As for Raspberry Pi, what a joke. If I had masses of data to handle, or lots of numbers to crunch, and I didn't want to use a computer in the project, then it might be worth a look. But if it's a case of reading a few bits or running a motor until sensor A trips, then pause and reverse the motor until it hits sensor B, and send a serial packet to the computer occasionally, the PIC processor is just right. I'm afraid people get drunk on the idea of endless processing power, and it has its uses, but that's not the stuff I do.
     
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  13. BillO

    Thread Starter Well-Known Member

    Nov 24, 2008
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    Speaking of the CDP1802, I have a beautiful blue ceramic and gold one, along with some purple ceramic and gold RAM and white ceramic and gold EPROM I picked up a few years ago before this stuff became as expensive a jewelry. I had intended to make up an enhanced ELF with them. I also have some rarer than hens teeth HP dot matrix LED HEX decoder/driver/display units to go along with it. I guess I should get on to that project. It would never be of any use, but it would be gorgeous. I just need to get some of those little toggle switches with the vinyl dipped levers. Anyone know good source?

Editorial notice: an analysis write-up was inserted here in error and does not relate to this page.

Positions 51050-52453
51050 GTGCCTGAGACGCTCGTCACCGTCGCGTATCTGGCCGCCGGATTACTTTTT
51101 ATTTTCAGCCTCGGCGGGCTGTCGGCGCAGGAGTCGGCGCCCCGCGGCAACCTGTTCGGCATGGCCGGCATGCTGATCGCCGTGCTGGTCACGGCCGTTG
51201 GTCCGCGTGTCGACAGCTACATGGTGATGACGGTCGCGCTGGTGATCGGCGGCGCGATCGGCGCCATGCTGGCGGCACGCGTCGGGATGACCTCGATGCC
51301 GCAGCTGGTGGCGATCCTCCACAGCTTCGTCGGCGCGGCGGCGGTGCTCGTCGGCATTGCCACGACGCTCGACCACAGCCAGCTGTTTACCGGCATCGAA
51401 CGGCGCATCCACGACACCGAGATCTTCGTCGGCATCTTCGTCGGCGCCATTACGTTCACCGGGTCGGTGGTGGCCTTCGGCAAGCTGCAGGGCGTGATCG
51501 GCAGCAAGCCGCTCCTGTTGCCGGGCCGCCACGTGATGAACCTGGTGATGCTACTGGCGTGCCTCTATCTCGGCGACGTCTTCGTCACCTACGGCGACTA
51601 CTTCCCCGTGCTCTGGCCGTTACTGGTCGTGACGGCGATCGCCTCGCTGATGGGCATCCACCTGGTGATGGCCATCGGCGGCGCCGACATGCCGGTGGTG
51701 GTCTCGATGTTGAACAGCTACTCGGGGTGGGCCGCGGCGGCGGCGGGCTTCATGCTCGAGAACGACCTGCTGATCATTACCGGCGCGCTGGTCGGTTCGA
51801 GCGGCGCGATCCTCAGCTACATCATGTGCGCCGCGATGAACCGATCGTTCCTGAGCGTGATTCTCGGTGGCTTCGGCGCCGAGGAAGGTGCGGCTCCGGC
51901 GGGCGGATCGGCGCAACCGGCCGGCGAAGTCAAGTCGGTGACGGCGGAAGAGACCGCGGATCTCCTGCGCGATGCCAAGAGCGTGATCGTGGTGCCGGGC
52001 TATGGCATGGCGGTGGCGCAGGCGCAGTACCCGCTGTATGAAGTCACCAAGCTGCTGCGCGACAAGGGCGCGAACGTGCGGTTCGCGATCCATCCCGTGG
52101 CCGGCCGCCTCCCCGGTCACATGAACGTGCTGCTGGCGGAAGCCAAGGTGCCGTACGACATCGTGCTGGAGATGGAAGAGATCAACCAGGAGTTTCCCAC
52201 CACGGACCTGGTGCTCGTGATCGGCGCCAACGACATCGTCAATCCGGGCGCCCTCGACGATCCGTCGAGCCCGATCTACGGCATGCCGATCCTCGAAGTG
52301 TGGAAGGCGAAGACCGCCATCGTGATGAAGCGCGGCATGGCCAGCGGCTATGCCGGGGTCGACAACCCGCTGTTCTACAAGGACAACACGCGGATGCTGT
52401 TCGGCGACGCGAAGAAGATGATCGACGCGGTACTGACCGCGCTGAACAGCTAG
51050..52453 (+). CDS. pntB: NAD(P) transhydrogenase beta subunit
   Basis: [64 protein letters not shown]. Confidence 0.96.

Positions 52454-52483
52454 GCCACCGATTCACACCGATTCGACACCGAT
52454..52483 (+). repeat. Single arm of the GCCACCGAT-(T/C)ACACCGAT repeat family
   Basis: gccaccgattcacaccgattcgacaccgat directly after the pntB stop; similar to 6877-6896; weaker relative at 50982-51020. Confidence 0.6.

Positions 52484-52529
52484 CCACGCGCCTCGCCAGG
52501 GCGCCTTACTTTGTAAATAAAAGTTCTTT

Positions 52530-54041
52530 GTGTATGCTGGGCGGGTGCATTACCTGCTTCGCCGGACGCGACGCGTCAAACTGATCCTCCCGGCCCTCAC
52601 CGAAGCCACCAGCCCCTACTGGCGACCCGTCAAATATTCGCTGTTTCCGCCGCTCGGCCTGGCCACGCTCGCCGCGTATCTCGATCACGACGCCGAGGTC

I've had my own Pi for a few months, but other than setting it up and putting it on my home network have never got around to using it. I always seem too busy.
     
  14. Eric007

    Senior Member

    Aug 5, 2011
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    People here been playing with MCUs way back when I was not even born yet...:D
     
  15. ErnieM

    AAC Fanatic!

    Apr 24, 2011
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    True that. And the hope that some of what I've learned will get passed on to the next generation.